This release from the Wiener Symphoniker sees Swiss maestro Philippe Jordan two discs deep into his second crack at a Beethoven cycle (the first cycle was with Paris Opéra), taking on the Fourth and Fifth Symphonies after releasing One and Three last year.
These are exciting accounts of the two works, governed by a loyal adherence to Beethoven’s antiphonal violin set-up, metronome markings and repeats – indeed, Jordan insists that the repeats and tempi go hand in hand to achieve an appropriate sense of balance and structure – but there’s certainly no stuffiness in all this attention to detail.
The Adagio opening of the Fourth Symphony, for instance, is lighter on its feet than, say, a muscular Karajan, and the Allegro Vivace thrums with energy. While there is plenty of punch where it’s needed, overall Jordan’s Beethoven has a springiness to it and doesn’t tend to wallow in the darker textures of the music – the second movement practically dances. The Scherzo is quick and spritely and the finale has a fervid intensity softened but not slowed by the lilting wind solos.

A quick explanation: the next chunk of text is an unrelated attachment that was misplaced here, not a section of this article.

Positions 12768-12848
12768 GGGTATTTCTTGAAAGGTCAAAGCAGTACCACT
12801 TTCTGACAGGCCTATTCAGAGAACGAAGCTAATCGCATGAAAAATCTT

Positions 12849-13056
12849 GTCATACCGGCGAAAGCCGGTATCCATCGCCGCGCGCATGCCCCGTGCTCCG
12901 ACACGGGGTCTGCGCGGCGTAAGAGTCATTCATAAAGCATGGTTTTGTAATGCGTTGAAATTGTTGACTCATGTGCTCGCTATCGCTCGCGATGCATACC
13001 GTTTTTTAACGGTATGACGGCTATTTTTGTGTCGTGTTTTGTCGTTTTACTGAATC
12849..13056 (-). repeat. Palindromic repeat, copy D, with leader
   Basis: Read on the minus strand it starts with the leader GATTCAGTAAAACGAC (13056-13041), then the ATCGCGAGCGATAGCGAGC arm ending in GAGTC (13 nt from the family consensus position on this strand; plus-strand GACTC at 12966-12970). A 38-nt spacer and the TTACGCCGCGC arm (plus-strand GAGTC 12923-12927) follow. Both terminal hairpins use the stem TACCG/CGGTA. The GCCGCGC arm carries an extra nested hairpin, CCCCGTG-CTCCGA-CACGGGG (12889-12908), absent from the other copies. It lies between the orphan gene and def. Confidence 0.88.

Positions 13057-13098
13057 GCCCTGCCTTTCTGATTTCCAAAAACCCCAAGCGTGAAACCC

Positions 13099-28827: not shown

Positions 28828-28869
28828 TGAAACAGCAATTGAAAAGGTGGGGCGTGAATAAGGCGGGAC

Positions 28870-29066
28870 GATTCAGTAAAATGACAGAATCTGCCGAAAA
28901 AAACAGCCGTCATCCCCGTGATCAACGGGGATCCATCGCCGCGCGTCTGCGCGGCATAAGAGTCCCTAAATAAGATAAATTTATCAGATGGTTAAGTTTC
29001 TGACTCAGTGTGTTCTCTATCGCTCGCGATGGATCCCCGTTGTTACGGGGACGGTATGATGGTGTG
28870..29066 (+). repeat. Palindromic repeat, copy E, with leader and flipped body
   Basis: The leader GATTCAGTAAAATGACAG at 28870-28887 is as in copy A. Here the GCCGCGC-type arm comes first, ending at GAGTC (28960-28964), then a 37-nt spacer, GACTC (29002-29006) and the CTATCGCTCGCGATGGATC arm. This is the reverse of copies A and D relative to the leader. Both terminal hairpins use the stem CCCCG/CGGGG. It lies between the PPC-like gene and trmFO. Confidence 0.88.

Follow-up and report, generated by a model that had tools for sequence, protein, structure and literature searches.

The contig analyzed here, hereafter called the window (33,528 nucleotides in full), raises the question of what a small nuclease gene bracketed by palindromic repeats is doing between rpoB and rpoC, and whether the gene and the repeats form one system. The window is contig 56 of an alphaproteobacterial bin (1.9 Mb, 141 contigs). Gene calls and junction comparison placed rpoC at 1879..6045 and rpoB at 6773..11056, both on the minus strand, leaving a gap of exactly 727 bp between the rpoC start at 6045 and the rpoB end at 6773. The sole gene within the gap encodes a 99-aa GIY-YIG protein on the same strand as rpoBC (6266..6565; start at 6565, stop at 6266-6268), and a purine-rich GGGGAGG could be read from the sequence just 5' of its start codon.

Nor does Jordan hang around on the opening figure of the Fifth Symphony (“This is about rebellion, revolt and rage!” he explains in the liner notes) launching into the movement with vigour.
The velvet lower strings of the Andante con moto are a highlight, there are some beautiful wind moments – and the horns have a nice bite to them. Jordan takes the repeat in the Scherzo (as he did in Paris) though he takes the movement at a faster clip than Harnoncourt does. For all this briskness, the finale of the Fifth is stately and almost expansive by comparison.
Recorded with a clean sound that shows off the crispness of the playing and the precise sting of the accents, Jordan’s Beethoven offers an invigorating and unique alternative to the usual suspects.